Keeping Electric Vehicle Battery Systems Cool
A look at technologies used to keep EV traction batteries and power electronics cool and comfortable – and what happens when they are not.
For optimum power output and longevity, the lithium-ion traction battery used in an electric vehicle (EV) must be maintained between 15 °C (59 °F) and 35 °C (95 °F). At low temperatures, the electrochemical reactions necessary to produce electricity are sluggish, limiting the amount of power available. This becomes increasingly apparent as ambient temperatures drop below freezing.
The ALTDRIVE battery thermal management system from MEDATech Engineering Service. Image courtesy of MEDAtech
At high temperatures, the electrochemical reactions take place at a much higher rate, and if the temperature of the battery cells rises too high, the result can be degradation or even catastrophic thermal runaway. To prevent damage to the cells and promote long life, the pack temperature should be kept below 35 °C, even though the battery can provide the most energy at around 45 °C (113 °F). The cooling is done by a battery thermal management system (BTMS).
Cooling the Battery Pack
A variety of methods have been employed to keep an EV traction battery pack within acceptable temperature limits. One of the early EVs of the modern era was the Nissan LEAF. This vehicle used air to cool its battery pack. This was acceptable in temperate climates, but the Leaf suffered premature battery failures in places with high summer temperatures, such as Phoenix.
Similarly, in extremely cold climates, when the temperature drops below zero, the LEAF’s range is reduced. Although Nissan provided the vehicle with an onboard battery heater, all EVs suffer some range reduction at low temperatures, and the lack of an effective thermal management system on the LEAF did limit its usability.
Most EVs use liquid cooling to keep their traction battery pack within the desired temperature range. Typically, a liquid coolant, similar to the antifreeze used in a conventional internal combustion engine (ICE), is circulated through passages surrounding the cells and modules in the traction battery. The coolant is pumped through a radiator heat exchanger that rejects excess heat to the air, cooling the liquid so that it can be returned to the pack. The coolant can also be diverted to the vehicle interior to provide cabin heat on chilly days.
An Audi EV with a liquid cooling system. Image used courtesy of Audi
In EVs with really large traction battery packs—like electric buses, delivery trucks, and industrial equipment—a heat pump powered by the high-voltage traction battery can be used to provide heating or cooling inputs to the battery’s liquid cooling system. This can either be a standalone heat pump or, in the case of some buses, it can use the same air conditioning system that keeps the passengers cool to also cool the traction battery pack.
Electric trucks, buses, and delivery vans often use heat pumps to cool traction batteries. Image used courtesy of Wikimedia Commons (By Peter J. Dunn)
The heat pump solution works well because it can provide either cooling or heating, depending upon the needs dictated by the ambient temperature conditions.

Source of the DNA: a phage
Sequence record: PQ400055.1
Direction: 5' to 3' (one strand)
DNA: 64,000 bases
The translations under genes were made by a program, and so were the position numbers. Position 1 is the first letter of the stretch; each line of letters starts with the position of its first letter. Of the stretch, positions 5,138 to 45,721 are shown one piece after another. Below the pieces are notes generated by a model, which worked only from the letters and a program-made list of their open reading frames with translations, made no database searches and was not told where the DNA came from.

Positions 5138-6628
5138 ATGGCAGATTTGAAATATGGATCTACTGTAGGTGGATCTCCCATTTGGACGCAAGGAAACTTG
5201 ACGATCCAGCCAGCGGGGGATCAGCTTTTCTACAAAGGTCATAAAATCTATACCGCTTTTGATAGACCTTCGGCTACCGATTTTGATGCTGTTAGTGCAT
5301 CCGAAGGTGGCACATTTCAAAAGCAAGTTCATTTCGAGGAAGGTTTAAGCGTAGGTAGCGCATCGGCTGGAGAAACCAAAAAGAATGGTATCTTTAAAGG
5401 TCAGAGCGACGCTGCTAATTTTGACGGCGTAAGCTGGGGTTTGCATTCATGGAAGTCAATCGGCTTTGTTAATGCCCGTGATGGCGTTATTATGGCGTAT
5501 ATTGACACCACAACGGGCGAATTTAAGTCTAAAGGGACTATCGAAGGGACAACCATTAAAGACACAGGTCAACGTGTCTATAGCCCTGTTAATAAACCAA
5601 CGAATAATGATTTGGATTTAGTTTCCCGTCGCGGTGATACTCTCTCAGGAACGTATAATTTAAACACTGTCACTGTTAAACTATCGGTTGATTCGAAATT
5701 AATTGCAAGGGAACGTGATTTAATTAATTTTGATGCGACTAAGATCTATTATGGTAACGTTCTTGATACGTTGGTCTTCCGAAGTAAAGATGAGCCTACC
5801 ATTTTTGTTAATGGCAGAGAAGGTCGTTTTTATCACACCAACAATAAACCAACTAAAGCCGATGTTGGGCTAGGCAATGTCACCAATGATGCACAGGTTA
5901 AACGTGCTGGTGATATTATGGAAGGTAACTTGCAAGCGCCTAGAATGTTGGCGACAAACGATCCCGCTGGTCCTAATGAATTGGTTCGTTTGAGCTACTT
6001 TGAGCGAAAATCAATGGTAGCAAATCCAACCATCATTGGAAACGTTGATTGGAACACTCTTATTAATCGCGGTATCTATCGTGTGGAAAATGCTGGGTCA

Heat While Charging
Batteries don’t just produce heat when they are discharged. During charging, huge amounts of energy are pumped into the battery, raising its temperature. The charging cable can also increase in temperature and may require liquid cooling. This is especially true for fast-charging of the large-scale, mega-watt-size battery packs that are planned for use in commercial vehicles.
Cooling the Motor and Power Electronics
Because the traction battery is sensitive to damage from temperatures that are too high or too low and is subject to dangerous thermal runaway if its limits are not observed, traction battery cooling gets most of the attention.
Other EV components also must be kept with certain thermal limits. The rare-earth permanent magnets in an electric motor, for example, must be kept below their Curie Temperature—the point at which they lose their magnetic field. This can be as low as 80 °C (176 °F), so liquid cooling of the traction motors in EVs is not uncommon.
The power electronics that control the flow of energy from the traction battery to the electric motor or motors are also affected by high temperatures. Previously, silicon-based electronics were limited to around 150 °C (302 °F), requiring significant cooling capacity. The adoption of silicon carbide-based electronics, however, with operating temperatures as high as 600 °C (1112°F), has reduced the need for aggressive cooling strategies. However, cooling the electronics for controls like the battery management system (BMS) must be considered.
When Battery Cooling Goes Wrong
Although battery cooling systems are robust, they do suffer from a variety of challenges, including leaks, corrosion, and aging of the components.
For example, recently, electric truck maker Nikola Motors voluntarily recalled 209 Class 8 battery-electric trucks after one of the vehicles caught fire at the company’s Phoenix headquarters. The cause of the fire was determined to be a coolant leak inside a single battery pack. One component provided by an outside supplier is thought to be the primary source of the coolant leak.
Thus far, only one pack and another from an engineering evaluation vehicle had thermal events, though Nikola has produced more than 3,100 electric trucks to date. However, this event does point out the types of challenges that engineers dealing with battery cooling must face.